Bitcoin Exchange Guide Reviews & Comparison
By: Ofir Beigel | Last updated: 5/5/20
Choosing the best Bitcoin exchange can be an exhausting task. This post will explain the important factors to take into account when choosing a Bitcoin exchange. I will also give you a review summary of the leading Bitcoin exchanges.
Bitcoin Exchange Guide Summary
The main things to look for when choosing an exchange are:
- What type of exchange is this? (Broker, trading platform, etc.)
- Does this exchange have the coins I want to trade?
- Does this exchange accept users from my country?
- Does this exchange accept my payment method?
- What are the fees and buying limits for the exchange?
Finally, before deciding on an exchange make sure to read several online reviews to get a feel of the exchange’s reputation. Here are my top picks for the best Bitcoin exchange by category:
If you want a more detailed explanation about Bitcoin exchanges and reviews about other exchanges keep reading this post. Here’s what I’ll cover:
- How do You Trade Bitcoins for Cash or Real Money?
- Types of exchanges
- What is the Best Bitcoin Exchange?
- Exchange Terms
- Exchange review summary
Don’t like to read? Here’s a video version of this guide:
Bitcoin exchanges are companies that allow you to exchange “real money” (i.e. USD, EUR, GBP, etc.), also known as fiat money, to Bitcoin (and vice versa). This means you can either covert fiat to Bitcoin or Bitcoin to fiat. This is usually done via a website the helps you facilitate this trade.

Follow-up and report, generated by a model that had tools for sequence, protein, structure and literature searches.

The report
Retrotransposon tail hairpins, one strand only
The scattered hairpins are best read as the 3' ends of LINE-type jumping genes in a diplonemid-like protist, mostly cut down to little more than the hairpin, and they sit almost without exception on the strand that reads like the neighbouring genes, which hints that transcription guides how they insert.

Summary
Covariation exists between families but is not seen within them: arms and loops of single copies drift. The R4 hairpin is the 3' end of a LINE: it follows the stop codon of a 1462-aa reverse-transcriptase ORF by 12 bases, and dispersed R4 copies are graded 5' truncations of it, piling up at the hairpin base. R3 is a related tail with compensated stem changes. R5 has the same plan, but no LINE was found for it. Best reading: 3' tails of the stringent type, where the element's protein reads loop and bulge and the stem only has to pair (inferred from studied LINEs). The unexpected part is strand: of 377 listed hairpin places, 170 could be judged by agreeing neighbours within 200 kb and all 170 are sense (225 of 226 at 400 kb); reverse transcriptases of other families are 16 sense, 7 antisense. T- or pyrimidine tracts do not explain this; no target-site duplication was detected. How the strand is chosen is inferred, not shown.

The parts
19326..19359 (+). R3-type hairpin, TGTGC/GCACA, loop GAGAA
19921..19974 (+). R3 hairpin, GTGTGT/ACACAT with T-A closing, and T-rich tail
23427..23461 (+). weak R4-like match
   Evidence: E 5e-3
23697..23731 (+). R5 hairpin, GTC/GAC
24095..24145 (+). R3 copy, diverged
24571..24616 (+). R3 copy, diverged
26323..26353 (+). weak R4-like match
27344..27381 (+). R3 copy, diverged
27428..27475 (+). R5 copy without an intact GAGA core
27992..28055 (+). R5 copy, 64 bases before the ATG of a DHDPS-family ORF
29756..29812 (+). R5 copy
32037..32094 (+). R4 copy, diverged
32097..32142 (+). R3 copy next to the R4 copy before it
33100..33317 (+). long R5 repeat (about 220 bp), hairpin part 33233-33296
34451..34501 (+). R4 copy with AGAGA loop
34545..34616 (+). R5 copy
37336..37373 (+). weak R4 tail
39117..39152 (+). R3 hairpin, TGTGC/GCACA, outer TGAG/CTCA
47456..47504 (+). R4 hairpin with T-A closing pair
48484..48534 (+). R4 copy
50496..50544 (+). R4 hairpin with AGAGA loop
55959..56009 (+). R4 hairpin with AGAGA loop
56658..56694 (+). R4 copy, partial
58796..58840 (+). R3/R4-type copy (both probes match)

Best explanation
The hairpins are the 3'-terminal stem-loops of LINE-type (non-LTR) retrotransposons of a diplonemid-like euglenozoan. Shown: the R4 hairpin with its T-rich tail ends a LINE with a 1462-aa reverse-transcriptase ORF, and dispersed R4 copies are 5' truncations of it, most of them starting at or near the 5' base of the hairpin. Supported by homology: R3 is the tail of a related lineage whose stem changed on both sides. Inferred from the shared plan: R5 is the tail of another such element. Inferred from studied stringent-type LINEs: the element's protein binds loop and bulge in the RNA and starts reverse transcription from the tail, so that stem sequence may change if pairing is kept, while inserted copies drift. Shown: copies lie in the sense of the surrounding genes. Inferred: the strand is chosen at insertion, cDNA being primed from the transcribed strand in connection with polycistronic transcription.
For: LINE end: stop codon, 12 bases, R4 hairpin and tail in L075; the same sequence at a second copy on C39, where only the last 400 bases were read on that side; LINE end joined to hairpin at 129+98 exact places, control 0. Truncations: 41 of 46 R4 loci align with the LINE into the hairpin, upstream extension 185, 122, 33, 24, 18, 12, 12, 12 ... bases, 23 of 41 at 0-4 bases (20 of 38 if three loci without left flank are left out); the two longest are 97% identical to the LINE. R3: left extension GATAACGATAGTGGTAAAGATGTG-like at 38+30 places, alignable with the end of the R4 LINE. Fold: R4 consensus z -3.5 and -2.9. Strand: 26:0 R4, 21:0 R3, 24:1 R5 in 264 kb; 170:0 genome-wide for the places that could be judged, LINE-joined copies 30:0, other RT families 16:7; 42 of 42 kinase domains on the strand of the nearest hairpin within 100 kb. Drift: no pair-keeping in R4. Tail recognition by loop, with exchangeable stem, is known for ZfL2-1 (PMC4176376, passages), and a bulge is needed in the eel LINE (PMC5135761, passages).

It’s important to understand that not all Bitcoin exchanges are alike. Some allow you to trade with other users, while other will only sell you Bitcoins directly. Some will not even give you Bitcoins but will only allow you to speculate on the price. Let’s break down the different types of exchanges.
Brokers are sites that simplify the buying process by allowing you to buy coins through them directly at a predetermined price. When you buy from broker sites, the process is usually much simpler and less confusing, but it’s also more expensive. Examples of known brokers: CoinMama, Coinbase.
Trading platforms are sites that automatically connect buyers and sellers. This means that you buy from people who’ve placed sell orders on the site without ever communicating with them directly. The platform usually takes a small fee for the service.
Conducting transactions on trading platforms is usually the cheapest way to get bitcoins, but often it’s not very user friendly. Trading platforms have options such as limit orders and stop losses that can confuse inexperienced users. Also, when you place an order, it may not be fulfilled immediately due to a lack of sellers at the price at which you want to buy. Examples of known trading platforms: Cex.io, Binance.
Some trading platforms allow you to trade CFDs. (Contract for Difference). This means you’re basically betting on the price of Bitcoin in the future instead of actually owning it (you can read more about CFDs here).
While CFDs are very appealing due to their ease of use, they don’t sell you actual bitcoins. The process is the equivalent of betting on the fact gold will rise in price instead of actually buying gold. Bottom line? You won’t be able to withdraw bitcoins you bought into your wallet. The only thing you’re doing is buying (or selling) a contract regarding Bitcoin’s price for US dollars, euros, or some other form of government currency.
CFDs also allow you to leverage your bets by borrowing money from them (also known as margin trading). While this can give you a great upside, it also hold a lot of risk of losing your money very quickly.